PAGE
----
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Powertrain shortage easing, but other concerns persist: Mahindra India

Prasanth Aby Thomas, DIGITIMES, Bangalore 0

R Velusamy, senior VP, Mahindra. Credit: Mahindra

The Indian automotive giant Mahindra & Mahindra recently announced the launch of a series of consumer electric vehicles, joining a rapidly growing market. But even as the Indian EV market gathers momentum, certain supply chain shortage concerns persist, especially with regard to semiconductors and components.

Speaking to Digitimes Asia recently, R Velusamy, senior VP at Mahindra, explained that manufacturers are often cautious of supply chain concerns, keeping their options open and prepared. Now, the powertrain shortage is easing, but certain other components are still an issue.

"The power train is easing out," Velusamy said. "But other components for those like audio electronics, headlamps, foglamps – one or the other keeps missing. But I would assume things should be ok in the next six to seven months."

Knowing that partnerships are inevitable in the EV industry, the company has remained cautious of the supply chain constraints and shortages. Velusamy explained that they have always considered backup plans for alternatives should there be difficulties in procuring certain components.

"I think every supplier who is designing power electronics is keeping an alternative option," Velusamy said. "The design is deliberately made simple so that if anything like a chip is missing, they are able to replace it. And what we cannot replace, we ensure to secure the supply chain. That's what everyone's doing. Everyone's very focused on it because all know the critical situation of the semiconductor supply chain."

Partnering with Volkswagen for EVs

Significantly, the company has tied up with German carmaker Volkswagen for MEB electric components. Velusamy pointed out that Volkswagen offers their best electric motors to cars like Audi and other SUVs, and this was one of the reasons for partnering with them.

"We can always procure components from different parts of the world," Velusamy said. "But we wanted a source that is safe where the supply chain had to be completely ironed out. Volkswagen had done significant work on the cell, enabling us to work with them on it. For the electric motor, they have the best for brands like Audi and other SUVs. There is also an inverter - these are the three components we buy from them."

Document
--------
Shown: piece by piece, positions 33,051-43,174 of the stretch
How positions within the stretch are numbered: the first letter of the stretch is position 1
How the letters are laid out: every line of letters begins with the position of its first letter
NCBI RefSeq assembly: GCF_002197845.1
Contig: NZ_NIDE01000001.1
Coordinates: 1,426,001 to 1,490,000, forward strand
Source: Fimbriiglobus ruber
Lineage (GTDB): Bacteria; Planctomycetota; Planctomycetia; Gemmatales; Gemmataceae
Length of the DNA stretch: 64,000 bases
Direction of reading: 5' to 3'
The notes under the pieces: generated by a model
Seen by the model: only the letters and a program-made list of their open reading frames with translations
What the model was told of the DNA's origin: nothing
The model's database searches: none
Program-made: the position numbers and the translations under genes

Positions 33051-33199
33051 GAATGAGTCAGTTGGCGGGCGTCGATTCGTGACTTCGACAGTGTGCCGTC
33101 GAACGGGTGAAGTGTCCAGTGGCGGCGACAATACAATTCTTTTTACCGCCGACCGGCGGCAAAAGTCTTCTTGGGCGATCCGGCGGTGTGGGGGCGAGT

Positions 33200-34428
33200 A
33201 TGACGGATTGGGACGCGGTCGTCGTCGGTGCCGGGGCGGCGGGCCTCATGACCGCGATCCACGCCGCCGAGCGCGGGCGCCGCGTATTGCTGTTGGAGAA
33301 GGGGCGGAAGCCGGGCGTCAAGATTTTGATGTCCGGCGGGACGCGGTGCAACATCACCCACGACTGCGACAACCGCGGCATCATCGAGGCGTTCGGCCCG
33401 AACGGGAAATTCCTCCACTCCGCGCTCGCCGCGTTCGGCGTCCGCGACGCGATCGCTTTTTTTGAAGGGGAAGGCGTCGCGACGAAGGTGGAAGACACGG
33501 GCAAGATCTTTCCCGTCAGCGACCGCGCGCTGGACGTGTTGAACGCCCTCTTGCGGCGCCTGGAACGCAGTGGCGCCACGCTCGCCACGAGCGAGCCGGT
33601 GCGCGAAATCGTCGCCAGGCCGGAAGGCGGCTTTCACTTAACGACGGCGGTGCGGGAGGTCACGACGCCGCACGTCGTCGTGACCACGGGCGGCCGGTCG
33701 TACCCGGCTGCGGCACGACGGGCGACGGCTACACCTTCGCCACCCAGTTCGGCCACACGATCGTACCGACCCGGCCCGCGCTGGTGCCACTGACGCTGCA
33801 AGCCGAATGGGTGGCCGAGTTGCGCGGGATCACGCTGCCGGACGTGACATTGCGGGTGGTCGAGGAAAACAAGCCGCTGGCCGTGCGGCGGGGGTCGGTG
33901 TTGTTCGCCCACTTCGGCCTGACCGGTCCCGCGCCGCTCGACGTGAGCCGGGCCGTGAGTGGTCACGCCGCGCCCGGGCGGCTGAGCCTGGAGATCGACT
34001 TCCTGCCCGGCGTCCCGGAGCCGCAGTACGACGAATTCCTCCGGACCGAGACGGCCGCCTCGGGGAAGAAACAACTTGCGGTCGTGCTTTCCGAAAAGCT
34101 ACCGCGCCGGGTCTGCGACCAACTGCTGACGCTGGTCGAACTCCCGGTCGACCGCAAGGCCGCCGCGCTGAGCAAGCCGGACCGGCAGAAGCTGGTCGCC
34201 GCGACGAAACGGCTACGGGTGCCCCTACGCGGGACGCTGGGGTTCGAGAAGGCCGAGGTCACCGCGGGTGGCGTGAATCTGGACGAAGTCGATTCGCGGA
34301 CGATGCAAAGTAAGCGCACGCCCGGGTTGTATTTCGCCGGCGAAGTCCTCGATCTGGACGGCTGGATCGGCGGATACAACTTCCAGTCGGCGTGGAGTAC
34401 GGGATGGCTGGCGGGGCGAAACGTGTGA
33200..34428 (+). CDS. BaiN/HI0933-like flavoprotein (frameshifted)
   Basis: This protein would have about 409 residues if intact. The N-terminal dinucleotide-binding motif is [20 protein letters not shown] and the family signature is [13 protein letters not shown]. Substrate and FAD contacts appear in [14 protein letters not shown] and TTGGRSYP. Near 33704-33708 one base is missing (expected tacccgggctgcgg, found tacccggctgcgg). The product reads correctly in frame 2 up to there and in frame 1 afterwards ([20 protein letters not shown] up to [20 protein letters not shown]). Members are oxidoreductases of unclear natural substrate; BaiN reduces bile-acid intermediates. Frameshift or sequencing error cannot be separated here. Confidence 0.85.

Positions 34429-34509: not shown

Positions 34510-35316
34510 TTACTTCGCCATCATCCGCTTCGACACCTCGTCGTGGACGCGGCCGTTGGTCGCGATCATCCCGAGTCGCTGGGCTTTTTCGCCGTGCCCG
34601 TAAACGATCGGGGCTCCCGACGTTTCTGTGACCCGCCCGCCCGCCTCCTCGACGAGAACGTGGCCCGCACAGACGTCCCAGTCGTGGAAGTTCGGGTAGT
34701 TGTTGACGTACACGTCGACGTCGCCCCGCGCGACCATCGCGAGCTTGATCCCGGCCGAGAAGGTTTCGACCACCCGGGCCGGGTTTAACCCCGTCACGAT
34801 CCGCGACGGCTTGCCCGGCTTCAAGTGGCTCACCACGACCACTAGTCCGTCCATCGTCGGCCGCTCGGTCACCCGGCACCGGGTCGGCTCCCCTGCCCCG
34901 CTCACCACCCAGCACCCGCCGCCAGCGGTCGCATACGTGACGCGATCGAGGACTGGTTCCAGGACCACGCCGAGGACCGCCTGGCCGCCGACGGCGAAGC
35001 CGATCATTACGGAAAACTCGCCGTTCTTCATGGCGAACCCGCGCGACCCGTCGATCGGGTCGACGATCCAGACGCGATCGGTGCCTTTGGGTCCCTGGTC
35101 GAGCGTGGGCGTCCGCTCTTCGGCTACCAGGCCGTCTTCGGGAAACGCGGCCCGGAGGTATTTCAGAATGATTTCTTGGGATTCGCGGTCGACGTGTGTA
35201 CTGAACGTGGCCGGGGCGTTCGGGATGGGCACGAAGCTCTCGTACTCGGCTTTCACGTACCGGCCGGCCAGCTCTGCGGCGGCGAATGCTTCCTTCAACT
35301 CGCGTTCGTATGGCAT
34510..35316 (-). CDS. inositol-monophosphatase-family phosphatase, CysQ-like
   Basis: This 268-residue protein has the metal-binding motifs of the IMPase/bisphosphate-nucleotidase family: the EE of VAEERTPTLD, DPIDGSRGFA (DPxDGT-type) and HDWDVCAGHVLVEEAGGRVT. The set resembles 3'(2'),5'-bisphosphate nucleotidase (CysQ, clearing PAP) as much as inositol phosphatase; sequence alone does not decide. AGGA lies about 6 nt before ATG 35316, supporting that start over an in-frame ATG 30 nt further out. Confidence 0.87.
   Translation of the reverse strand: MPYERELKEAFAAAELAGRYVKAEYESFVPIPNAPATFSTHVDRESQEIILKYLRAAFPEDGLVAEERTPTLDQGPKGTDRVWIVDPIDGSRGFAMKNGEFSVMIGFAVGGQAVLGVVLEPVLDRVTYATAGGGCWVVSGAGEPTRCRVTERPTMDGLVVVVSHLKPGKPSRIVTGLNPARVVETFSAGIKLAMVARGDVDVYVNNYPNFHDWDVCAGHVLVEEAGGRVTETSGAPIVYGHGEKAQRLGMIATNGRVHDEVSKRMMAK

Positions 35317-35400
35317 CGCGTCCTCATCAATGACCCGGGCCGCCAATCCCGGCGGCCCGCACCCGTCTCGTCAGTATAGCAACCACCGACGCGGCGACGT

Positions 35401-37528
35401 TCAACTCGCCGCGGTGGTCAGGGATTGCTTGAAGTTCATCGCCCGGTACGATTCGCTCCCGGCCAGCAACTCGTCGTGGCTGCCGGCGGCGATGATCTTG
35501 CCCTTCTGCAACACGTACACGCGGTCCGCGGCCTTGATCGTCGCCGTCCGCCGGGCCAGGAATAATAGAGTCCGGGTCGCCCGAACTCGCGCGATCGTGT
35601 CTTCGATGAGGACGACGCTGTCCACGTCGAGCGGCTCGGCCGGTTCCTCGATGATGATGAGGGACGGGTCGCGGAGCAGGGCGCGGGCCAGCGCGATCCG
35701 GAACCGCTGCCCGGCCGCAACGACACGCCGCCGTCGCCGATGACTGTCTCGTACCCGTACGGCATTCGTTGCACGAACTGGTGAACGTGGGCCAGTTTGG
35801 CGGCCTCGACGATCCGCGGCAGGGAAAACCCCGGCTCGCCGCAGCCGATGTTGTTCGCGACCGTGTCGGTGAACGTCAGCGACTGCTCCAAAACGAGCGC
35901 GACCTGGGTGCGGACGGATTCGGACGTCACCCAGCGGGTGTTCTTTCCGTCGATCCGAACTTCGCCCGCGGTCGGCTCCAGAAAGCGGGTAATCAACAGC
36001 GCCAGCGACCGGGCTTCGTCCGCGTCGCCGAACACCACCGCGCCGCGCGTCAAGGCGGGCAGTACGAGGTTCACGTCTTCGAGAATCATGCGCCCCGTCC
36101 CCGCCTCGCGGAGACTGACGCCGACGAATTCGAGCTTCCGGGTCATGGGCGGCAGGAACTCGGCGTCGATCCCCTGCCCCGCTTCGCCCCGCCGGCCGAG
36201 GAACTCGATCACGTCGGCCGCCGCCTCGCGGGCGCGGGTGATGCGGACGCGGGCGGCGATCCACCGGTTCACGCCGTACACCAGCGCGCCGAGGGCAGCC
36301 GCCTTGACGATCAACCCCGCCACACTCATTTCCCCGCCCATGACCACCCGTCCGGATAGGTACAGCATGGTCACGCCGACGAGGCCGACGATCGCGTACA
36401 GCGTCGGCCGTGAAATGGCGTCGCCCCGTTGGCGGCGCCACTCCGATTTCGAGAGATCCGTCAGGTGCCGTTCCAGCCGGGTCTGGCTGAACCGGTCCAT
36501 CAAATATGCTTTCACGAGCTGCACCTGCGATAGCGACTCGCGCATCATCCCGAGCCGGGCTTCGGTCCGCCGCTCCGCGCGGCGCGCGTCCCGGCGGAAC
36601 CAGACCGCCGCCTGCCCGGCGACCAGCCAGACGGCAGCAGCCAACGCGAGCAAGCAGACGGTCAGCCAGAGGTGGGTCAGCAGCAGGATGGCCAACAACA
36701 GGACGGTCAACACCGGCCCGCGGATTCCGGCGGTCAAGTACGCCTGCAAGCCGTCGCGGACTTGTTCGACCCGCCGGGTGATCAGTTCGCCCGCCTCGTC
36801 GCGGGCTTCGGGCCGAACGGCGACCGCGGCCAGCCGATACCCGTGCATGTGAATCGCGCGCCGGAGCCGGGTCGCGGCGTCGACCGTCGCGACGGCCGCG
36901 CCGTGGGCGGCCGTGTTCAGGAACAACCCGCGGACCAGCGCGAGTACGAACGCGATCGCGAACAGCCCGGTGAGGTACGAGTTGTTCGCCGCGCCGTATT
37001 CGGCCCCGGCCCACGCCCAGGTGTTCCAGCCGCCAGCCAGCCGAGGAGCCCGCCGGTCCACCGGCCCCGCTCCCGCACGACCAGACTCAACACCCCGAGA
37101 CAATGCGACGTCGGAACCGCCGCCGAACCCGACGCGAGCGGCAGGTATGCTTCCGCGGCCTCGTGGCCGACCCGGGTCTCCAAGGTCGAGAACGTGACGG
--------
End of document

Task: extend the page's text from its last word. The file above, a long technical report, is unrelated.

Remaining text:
Significantly, Volkswagen had recently broken ground for a battery plant in Germany in July, aiming at an annual revenue generation of $20.4 billion by the end of the decade.

Entering an increasingly competitive market

The Indian EV market is getting crowded quickly with several new launches from carmakers like Tata Motors, Hyundai, Kia, etc. The country's largest passenger car company Maruti Suzuki has also jumped on the bandwagon, announcing an EV for 2025. But despite the such solid competition, Velusamy believes that certain factors make Mahindra stand out.

"I think some of the key factors that make us unique is the INGLO platform and the fact that we have a "born electric" vehicle," Velusamy said. "When it's a born electric platform, the design elements are purely meant for electric vehicles. There is no baggage that comes with converting an ICE vehicle to an EV, which may often lead to a lot of compromises. So, in short, the INGLO platform, born electric nature, platform modularity and other multiple vectors combine together to make this a unique offering."

Creating an ecosystem for EV growth

India faces several challenges regarding EVs, but they are not about vehicles but the ecosystem. Building public charging stations that work round the clock without downtime is essential, but in the current circumstances, this isn't easy to achieve.

Acknowledging this necessity, Velusamy explained that Mahindra is now focused on alliances with partners who can set up charging stations. India has seen several companies, especially startups, develop charging infrastructure solutions. Many explore different business models, including partnering with gas stations.

"Right now, we are focusing on alliance partners who can create chargers," Velusamy said. "You may have multiple charges with battery. For example, it could be a mobile charger that you can take to malls, cinemas, offices, etc., wherever there is a charging port, and you can charge it as long as the battery is in the charger. You can have an AC and a DC charger that you can give on a rental model to residential complexes. You can also have them on the highway. We expect significant improvement in two years' timeline."

Final word

As the supply chain concerns ease, more automobile companies could offer new EV vehicles to the Indian market. As of now, many Japanese companies are yet to launch their cars in this segment. Once the demand picks up, the EV market in the subcontinent could be one of the most competitive.

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